The site of a 2017 landslide and tsunami remains a ‘danger area,’ say Greenland authorities

Residents evacuated after a tsunami flooded their hamlet will not be permitted to return for the time being due to a high risk of future landslides.

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The aftermath of the 2017 tsunami in Nuugaatsiaq. (Arktisk Kommando)

Residents of two Greenland hamlets who were resettled after a deadly 2017 tsunami will not be permitted to return home for the time being, Greenland’s self-rule authority, Naalakkersuisut, has decided.

The decision is based on the conclusions of a geological study that was unable to rule out risk of additional landslides of the sort that created the wave.

“Greenland’s Public Safety Commission has determined that Nuugaatsiaq and Illorsuit, as well as the adjacent fjord system should continue to be classified as danger areas,” Naalakkersuisut said in a statement issued on Tuesday.

The two hamlets were directly in the path of the June 17, 2017 tsunami as it sped out of the fjord system, claiming the lives four people in Nuugaatsiaq (pop. 84), where it also destroyed several buildings close to the waterline, left the hamlet littered with ice and debris and washed boats and loose items out to sea.

[Greenland is considering wave-proofing two ports that are exposed to local tsunamis]

Although Illorsuit (pop. 91) was mostly undamaged, public-safety officials determined that its location at the head of the head of the fjord system put it in danger of being flooded should another landslide occur.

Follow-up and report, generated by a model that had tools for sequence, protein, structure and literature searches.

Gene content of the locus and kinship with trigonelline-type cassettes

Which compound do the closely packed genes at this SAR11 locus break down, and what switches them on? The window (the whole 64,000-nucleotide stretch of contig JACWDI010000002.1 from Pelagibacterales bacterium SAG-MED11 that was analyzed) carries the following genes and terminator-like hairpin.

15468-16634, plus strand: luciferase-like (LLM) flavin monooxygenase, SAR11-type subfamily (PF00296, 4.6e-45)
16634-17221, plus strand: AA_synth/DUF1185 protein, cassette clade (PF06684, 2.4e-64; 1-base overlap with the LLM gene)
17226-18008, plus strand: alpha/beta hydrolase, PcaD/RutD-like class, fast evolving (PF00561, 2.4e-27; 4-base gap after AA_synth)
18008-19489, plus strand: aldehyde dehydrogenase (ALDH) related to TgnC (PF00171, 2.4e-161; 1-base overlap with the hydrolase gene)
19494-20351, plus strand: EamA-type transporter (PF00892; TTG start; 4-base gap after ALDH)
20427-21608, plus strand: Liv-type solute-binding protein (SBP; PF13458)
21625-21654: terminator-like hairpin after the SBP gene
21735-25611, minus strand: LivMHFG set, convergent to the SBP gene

Several other hamlets were evacuated in the immediate aftermath, but their residents were allowed to return home shortly after.

Geus, the geological survey of Denmark and Greenland, has been monitoring the cliffs surrounding Karrat Fjord since the landslide, which saw an area of 330,000 square meters (81 acres) fall into the fjord, causing what was initially thought to be an earthquake measuring 4.0 on the Richter scale.

In its most recent study, commissioned by Naalakkersuisut, Geus used satellite measurements of movements on the surface of the cliffs to identify several unstable areas that it said had a high potential to cause major, tsunami-inducing landslides.

“It is not possible to predict when or exactly where the next big landslide will take place in the Karrat Fjord area,” the report stated, adding that even if a new landslide took place, the risk of further landslides would still exist.

The decision not to let residents of the two hamlets return home comes amid increasing pressure on Naalakkersuisut to set a date on when it will consider it safe to return.

[Greenland lawmakers grapple with how far to go to save the country’s hamlets]

In the event that the threat of new landslides will persist for the time to come, some lawmakers have suggested that residents be allowed to return home after a warning system is installed that will give residents of hamlets and towns close to the fjord time to seek higher ground.

While warning systems do exist in other countries, Greenland, according to Jess Svane, a member of Naalakkersuisut responsible for infrastructure issues, lacks the infrastructure to be able to implement a system that could warn residents of hamlets that are so close to a landslide.

Nuugaatsiaq for example, is located 30 kilometers from the site of the 2017 landslide. Scientists estimate that the wave it caused took five minutes to reach the hamlet. Svane reckoned that a warning system in Greenland would need “hours” notice in order to be able to issue a warning.